The Rise of Skywalker Is Maddeningly Unclear on the Mechanics of Palpatine's Return

Amanda Prahl
STAR WARS: EPISODE VI - RETURN OF THE JEDI, Ian McDiarmid, 1983

Emperor Palpatine's return is one of the biggest mysteries in The Rise of Skywalker. How is the emperor alive when he seemed to pretty clearly die way back in Return of the Jedi, after Darth Vader turned on him to protect Luke? If you're hoping for clear answers, you'll probably be disappointed.

The only real explanation we get on screen is a line from Palpatine himself, a callback to a line he delivers in Revenge of the Sith. He gloats, "The Dark Side of the Force is a pathway to many abilities some consider to be unnatural." Frustratingly, that's all the explanation we get as to how he survived a seemingly fatal triple-whammy of getting electrocuted with his own Force lightning, thrown down an endless shaft, and blown up when the second Death Star went down. He's clearly not at full strength, with a frail, half-destroyed, Lord Voldemort-esque body until nearly the end of the movie, but he's very much alive.

Confusingly, it appears that the ability to revive the dead is not solely reserved for the Dark Side, at least not in The Rise of Skywalker. After Rey sacrifices herself to stop Palpatine, Ben Solo finds her apparently dead body and manages to revive her by literally transferring his own life force to her, at the cost of his own life. The difference between the two actions, one can assume, is that Palpatine attempted to make himself immortal for selfish and evil purposes, while Ben's action was based in gratitude, selflessness, and maybe even love.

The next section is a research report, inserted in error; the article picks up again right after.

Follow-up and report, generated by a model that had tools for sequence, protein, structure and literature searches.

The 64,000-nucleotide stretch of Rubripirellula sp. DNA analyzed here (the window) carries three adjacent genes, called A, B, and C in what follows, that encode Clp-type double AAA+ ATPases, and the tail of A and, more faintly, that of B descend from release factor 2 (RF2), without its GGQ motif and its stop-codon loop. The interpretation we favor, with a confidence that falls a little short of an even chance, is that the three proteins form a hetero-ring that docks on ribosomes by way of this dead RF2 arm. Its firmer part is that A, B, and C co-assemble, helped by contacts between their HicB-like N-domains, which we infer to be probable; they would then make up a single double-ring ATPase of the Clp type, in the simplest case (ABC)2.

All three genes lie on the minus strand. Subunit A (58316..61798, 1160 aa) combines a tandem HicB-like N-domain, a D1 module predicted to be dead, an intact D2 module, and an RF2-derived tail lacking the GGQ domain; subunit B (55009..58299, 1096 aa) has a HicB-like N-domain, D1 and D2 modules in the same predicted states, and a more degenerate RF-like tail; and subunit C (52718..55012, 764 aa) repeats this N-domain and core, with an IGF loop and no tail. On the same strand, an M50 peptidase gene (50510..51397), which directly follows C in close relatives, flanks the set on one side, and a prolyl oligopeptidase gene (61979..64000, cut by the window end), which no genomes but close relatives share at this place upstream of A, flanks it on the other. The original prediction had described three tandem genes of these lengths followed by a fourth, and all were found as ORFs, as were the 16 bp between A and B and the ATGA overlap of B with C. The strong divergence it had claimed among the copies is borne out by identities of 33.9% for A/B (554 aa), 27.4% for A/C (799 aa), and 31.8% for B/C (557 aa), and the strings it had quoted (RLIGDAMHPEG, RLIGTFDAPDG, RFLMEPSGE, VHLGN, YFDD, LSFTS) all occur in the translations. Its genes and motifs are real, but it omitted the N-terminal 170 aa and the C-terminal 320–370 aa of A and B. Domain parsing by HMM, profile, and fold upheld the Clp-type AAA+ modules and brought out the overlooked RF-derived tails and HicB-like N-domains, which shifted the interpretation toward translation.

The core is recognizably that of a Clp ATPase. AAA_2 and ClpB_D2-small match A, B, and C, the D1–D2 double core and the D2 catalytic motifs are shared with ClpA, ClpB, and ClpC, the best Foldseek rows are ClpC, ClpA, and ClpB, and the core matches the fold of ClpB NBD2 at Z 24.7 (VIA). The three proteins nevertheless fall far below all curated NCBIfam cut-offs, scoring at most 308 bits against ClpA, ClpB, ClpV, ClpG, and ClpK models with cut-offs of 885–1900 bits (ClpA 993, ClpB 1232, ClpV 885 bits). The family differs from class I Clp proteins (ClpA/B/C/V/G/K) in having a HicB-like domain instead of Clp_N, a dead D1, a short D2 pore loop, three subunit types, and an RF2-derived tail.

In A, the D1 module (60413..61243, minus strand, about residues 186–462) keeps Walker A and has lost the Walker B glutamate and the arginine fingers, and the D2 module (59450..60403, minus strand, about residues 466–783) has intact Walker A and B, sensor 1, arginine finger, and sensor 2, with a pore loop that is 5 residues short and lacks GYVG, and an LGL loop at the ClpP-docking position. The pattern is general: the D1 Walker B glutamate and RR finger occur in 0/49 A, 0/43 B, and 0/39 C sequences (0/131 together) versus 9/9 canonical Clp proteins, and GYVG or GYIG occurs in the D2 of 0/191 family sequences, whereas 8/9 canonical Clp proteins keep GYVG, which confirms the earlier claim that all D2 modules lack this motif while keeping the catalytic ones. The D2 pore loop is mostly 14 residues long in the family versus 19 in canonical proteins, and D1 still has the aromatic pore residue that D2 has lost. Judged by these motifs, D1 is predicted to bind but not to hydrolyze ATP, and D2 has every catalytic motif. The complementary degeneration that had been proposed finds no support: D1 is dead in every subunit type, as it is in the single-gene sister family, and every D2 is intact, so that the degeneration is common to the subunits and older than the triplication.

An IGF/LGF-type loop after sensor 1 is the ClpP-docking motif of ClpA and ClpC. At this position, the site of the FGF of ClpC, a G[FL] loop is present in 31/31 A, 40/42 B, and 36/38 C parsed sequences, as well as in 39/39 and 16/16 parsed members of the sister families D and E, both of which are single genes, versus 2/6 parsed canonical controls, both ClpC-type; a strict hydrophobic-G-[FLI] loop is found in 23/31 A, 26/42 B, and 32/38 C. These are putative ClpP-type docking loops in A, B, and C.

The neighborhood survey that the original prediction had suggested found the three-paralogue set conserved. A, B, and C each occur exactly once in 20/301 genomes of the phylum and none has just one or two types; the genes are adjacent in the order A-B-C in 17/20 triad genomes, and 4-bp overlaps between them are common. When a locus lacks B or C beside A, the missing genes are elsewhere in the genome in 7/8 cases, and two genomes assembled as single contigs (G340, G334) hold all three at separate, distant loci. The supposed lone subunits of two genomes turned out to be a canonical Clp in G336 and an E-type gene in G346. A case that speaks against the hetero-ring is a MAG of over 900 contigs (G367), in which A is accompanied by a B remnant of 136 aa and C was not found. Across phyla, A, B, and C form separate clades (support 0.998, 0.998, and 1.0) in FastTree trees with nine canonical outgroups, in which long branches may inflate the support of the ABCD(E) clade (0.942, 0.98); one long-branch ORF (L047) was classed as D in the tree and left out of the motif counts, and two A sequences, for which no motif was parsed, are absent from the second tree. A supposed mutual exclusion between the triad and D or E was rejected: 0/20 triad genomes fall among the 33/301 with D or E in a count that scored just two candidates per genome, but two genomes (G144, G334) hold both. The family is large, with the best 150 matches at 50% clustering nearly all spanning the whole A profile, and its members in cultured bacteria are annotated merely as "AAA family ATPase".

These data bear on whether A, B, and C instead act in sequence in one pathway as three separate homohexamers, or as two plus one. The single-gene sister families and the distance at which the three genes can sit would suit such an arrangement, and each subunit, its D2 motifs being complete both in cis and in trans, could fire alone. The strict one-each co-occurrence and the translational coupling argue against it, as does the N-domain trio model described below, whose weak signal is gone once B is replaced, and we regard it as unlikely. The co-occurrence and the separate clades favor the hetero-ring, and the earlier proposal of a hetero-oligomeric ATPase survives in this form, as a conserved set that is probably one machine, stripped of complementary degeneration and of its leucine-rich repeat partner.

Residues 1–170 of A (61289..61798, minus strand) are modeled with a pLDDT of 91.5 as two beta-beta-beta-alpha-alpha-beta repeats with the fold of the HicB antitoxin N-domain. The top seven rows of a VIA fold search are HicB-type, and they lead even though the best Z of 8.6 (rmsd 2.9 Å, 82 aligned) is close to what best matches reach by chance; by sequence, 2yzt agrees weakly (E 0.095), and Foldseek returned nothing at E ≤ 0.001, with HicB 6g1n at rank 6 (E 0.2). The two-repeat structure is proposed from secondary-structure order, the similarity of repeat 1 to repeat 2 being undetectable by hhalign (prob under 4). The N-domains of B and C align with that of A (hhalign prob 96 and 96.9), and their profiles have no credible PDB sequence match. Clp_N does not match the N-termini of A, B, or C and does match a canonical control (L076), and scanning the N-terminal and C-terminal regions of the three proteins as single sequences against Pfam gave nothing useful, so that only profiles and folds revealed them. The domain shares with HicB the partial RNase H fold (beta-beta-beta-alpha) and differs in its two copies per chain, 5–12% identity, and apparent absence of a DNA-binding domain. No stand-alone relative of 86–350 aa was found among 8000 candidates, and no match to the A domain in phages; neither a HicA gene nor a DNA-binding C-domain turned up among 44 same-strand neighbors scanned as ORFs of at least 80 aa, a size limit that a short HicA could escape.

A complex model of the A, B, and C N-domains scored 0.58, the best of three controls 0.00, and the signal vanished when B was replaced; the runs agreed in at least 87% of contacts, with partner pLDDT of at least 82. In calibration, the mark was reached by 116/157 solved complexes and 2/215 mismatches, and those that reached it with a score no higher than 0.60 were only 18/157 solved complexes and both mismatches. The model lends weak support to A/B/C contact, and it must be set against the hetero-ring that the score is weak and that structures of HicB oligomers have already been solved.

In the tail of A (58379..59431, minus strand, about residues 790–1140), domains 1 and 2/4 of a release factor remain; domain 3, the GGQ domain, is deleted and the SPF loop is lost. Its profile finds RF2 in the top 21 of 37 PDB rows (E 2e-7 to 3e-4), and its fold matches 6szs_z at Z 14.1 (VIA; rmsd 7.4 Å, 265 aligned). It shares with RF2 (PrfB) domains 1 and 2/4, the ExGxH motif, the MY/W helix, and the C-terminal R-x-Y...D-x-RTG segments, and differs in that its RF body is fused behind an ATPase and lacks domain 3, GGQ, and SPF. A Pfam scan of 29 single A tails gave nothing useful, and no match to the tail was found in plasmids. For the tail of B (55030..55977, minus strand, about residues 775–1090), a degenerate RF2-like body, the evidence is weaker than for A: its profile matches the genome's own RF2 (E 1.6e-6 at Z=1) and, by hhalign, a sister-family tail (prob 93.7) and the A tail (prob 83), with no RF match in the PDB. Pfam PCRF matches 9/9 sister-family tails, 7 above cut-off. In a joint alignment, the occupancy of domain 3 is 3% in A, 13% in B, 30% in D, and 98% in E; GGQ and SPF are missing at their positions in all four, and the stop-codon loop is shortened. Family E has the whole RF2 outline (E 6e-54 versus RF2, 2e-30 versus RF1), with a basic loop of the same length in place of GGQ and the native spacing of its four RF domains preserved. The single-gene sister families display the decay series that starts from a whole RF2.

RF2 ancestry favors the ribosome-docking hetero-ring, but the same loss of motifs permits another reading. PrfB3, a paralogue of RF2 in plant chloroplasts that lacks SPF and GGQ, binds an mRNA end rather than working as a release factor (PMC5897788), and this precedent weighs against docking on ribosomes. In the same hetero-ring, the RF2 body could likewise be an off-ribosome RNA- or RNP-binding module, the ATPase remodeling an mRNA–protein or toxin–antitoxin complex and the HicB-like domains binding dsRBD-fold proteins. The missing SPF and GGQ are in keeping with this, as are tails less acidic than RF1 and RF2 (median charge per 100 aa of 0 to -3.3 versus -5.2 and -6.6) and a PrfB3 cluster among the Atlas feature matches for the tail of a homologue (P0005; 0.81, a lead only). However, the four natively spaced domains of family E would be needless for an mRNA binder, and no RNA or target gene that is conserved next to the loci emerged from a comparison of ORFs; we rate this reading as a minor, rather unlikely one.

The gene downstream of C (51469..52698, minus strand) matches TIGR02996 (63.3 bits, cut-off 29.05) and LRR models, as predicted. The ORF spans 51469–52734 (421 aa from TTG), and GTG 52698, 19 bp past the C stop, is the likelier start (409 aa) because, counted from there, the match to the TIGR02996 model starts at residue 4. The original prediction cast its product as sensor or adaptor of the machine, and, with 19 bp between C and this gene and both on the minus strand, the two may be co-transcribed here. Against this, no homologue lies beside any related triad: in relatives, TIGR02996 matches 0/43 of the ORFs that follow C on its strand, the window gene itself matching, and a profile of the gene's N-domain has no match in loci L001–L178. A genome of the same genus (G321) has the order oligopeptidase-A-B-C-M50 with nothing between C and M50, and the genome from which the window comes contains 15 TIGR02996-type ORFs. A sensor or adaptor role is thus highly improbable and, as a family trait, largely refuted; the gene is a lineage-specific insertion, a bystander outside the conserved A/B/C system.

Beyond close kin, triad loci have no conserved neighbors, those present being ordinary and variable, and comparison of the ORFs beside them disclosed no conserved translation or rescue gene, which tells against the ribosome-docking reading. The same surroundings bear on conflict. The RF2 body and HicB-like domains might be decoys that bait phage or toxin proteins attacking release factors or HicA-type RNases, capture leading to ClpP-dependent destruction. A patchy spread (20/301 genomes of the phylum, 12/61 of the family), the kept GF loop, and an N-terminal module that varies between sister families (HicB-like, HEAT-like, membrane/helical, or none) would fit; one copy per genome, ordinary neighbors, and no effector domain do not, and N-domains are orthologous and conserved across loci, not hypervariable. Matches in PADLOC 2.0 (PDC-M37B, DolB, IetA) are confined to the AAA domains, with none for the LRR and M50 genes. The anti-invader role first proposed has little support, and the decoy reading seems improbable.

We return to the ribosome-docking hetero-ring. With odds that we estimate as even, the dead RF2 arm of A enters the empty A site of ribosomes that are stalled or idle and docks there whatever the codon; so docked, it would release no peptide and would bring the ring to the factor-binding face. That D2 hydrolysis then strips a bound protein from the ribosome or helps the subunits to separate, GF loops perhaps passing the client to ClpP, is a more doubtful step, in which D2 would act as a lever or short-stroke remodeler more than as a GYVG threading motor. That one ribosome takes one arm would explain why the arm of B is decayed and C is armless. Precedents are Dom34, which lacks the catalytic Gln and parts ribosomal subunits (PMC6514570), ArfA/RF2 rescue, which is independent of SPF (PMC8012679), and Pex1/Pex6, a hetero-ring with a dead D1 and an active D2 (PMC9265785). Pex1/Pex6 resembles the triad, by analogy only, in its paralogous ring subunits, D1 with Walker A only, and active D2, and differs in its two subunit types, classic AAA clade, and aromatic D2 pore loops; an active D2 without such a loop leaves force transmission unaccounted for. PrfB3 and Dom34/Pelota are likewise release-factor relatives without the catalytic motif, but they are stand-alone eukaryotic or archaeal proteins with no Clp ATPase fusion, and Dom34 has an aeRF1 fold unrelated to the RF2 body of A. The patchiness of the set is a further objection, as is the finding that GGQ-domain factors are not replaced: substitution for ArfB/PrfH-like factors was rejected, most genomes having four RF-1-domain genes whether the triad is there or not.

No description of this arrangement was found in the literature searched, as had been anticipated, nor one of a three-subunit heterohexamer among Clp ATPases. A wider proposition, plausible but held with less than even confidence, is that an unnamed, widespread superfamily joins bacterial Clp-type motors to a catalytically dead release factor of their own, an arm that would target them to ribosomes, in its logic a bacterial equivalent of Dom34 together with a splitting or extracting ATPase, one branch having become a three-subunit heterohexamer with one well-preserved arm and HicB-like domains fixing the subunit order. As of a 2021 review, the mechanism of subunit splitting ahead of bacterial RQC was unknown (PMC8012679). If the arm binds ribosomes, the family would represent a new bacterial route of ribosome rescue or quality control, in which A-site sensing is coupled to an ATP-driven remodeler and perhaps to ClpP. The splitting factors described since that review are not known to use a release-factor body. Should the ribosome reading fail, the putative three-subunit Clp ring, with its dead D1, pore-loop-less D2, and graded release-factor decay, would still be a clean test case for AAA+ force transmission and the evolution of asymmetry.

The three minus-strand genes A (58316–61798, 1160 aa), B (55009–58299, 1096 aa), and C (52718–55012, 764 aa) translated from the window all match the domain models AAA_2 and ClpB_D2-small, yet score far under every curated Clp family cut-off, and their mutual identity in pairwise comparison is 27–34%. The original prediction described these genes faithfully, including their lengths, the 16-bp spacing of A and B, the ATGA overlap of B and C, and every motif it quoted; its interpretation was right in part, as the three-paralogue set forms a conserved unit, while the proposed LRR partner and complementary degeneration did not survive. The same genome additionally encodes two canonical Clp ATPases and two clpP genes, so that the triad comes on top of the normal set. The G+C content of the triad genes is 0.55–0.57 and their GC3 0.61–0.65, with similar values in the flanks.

Figuring out the mechanics of Palpatine's resurrection is nearly impossible without the assistance of some of the expanded-universe material, which occasionally makes mention of the Sith magic that Palpatine dabbles in. A noncanonical comic-book series offers an explicit explanation involving cloning and the ability of Palpatine and other Sith Lords to "jump" their consciousness to a cloned body, or in some cases, to an existing human who would then be overwritten by the Sith's consciousness. The confrontation between Palpatine and Rey does seem to lean in this direction, with the emperor creepily explaining how he and the spirit of all the Sith would overtake her if she kills him. Since this is the last Star Wars film in the Skywalker Saga, though, we're unlikely to get a full-fledged explanation, unless the creative team chooses to include it in future interviews or bonus materials.